2. And then scrub. Clean like a mofo. Shampoo the carpets and rugs. Wipe down walls. That’s right, I said wipe down walls, any walls you think someone might even have a chance of having put their hands on. Wipe down baseboards and polish/clean furniture and blinds. Vacuum, sweep, swiff, and mop your floors. Give your bathroom and kitchen fixtures and appliances a good scrubbing. If you can find one of those household steamers, like a Steam Shark, get or borrow it and go to town. Purge and clean. Purge and clean.
  3. When you’re done purging and cleaning, that’s the best time to really assess whether and how much to remodel or add on or whatever. At least one in five people who are thinking about renovating or adding on to their home and who follows steps 1 and 2 will discover that they don’t need to do a damn thing once they’ve gotten rid of some stuff and cleaned what’s left. Well, maybe a few throw pillows, but other than that, they’re done. Also, steps 1 and 2 will show you what you really have to work with and what you have that needs storing or showing off.
  4. Every home improvement project involves three factors: time, money, and energy/motivation. When you consider taking on a home project, especially a DIY project, you need to assess how much of each these things you have. What’s especially important is to recognize of which of these you have the least. Let that be your guide as to what you do in your project. For example, if you have the least of time and only slightly more of money, then you’re going to want to save the extra cash or do some bartering or something to hire someone to do at least some of the work so that whatever time you do have is best spent.
  5. The fourth factor in home improvement is the Universal Law of Handiness. If you’re not very handy, either take a class at Home Depot or somewhere similar or get a handy friend to help. Or again, save up the extra cash and hire someone.
  6. If you’re doing anything beyond wiring a new light fixture into an old light fixture, hire an electrician. Please believe me—it’s worth the cash. If you fuck up a pipe, you’ll send water a-spraying and will need a bunch of towels to clean up, but if you fuck up wiring, you’ll be staring at a pile of cinders where your awesome house used to be and trying to explain to the nice firemen what happened. Do not taunt happy fun electricity.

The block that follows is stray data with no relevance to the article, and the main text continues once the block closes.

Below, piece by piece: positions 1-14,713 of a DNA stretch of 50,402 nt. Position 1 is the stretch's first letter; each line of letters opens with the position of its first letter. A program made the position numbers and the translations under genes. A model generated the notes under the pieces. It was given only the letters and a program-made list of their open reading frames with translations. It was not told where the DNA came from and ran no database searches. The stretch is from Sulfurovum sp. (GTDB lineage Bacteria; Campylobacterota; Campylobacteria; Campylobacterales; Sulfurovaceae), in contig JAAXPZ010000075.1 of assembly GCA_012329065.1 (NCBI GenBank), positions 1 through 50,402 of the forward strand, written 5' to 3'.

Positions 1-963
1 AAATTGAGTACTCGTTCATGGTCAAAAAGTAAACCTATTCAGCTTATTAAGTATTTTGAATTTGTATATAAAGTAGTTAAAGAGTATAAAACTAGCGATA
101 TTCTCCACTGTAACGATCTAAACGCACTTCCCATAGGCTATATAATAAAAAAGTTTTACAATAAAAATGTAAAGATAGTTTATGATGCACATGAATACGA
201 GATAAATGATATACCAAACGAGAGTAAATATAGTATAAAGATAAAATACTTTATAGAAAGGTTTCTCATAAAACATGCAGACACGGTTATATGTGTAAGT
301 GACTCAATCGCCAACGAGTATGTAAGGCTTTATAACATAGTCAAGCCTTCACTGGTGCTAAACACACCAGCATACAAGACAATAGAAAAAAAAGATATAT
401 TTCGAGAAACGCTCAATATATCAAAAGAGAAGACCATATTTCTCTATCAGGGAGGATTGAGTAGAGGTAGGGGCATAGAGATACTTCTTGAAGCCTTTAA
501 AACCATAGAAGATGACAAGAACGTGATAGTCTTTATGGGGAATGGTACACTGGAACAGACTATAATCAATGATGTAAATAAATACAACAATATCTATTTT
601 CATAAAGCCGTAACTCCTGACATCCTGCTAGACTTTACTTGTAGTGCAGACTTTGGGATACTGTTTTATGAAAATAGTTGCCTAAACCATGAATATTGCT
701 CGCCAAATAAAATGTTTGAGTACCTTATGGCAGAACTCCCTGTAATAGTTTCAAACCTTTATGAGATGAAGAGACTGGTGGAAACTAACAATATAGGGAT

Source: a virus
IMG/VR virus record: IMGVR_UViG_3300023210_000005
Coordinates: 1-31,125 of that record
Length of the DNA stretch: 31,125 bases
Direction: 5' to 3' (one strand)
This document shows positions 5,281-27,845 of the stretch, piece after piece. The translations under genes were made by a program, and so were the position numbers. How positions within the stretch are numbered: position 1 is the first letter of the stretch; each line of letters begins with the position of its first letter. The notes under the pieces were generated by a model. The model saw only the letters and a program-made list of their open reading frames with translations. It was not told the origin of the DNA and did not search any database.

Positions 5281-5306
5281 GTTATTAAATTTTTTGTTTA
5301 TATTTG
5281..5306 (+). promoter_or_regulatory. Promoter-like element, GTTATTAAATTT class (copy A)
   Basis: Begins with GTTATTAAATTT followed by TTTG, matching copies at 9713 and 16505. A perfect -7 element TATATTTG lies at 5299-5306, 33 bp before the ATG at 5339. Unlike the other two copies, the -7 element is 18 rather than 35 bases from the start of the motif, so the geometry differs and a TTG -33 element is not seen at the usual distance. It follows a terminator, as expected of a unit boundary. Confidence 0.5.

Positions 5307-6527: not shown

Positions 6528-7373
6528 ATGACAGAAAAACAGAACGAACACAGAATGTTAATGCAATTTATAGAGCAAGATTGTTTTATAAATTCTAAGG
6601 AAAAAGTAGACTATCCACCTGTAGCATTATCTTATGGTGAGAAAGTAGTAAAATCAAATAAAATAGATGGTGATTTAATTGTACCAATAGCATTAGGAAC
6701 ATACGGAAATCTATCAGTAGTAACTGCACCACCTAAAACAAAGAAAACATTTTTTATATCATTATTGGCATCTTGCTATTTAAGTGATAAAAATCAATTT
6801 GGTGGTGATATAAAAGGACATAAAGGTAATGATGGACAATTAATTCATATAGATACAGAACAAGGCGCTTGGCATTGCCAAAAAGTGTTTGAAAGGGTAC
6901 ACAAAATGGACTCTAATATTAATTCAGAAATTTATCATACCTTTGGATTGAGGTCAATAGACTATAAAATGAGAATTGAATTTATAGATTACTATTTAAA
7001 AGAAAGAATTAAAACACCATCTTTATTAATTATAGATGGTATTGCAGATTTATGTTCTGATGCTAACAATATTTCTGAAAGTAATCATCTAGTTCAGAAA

There. You’re welcome.


ms. kitty said...

Woowee, Pixie, what good advice! Thanks.

Small Town said...

Thanks for the props.
As architects, we tend to need to see the whole "big picture" before we analyze and offer solutions. I often analyze and question how my friends and family live in their house, and this often completely changes the scope of the project [$$$]. They've stopped asking me now.

Anonymous said...

I purged some before the move, and now that I am no longer the owner of a walk up unfinished bonus room type attic, I am going to be purging more when the movers arrive.

I can also reccomment - SCAN IN THE OLD PHOTOS - put them on CD, hell, pay walmart or some such to do it. If you're like me I have a whole drawer of old photos just hanging out. I don't go through them often if ever, so they are just taking up space. CD much easier.

good assvice.

faded said...

If you are going to do a DIY project, you need to become a planimal. I have replace the kithchen in my house, 2 bath rooms, repainted the inside and outside of the house and a bunch of other stuff. I always make a list of very detail and visulaise each thing I am going to do and look for problems. It can take a long time to do this but when the project is going on I am well prepared and in control.

The biggest project I have ever done was a log cabin kit. I purchased it and it arrived on two semi trailers with a set of plans. For the next 18 months I stacked logs and spiked the together with 50 penny spikes and an 8 pound sledge. Then I did wiring, plumbing, sheet rock and everything else need to build it.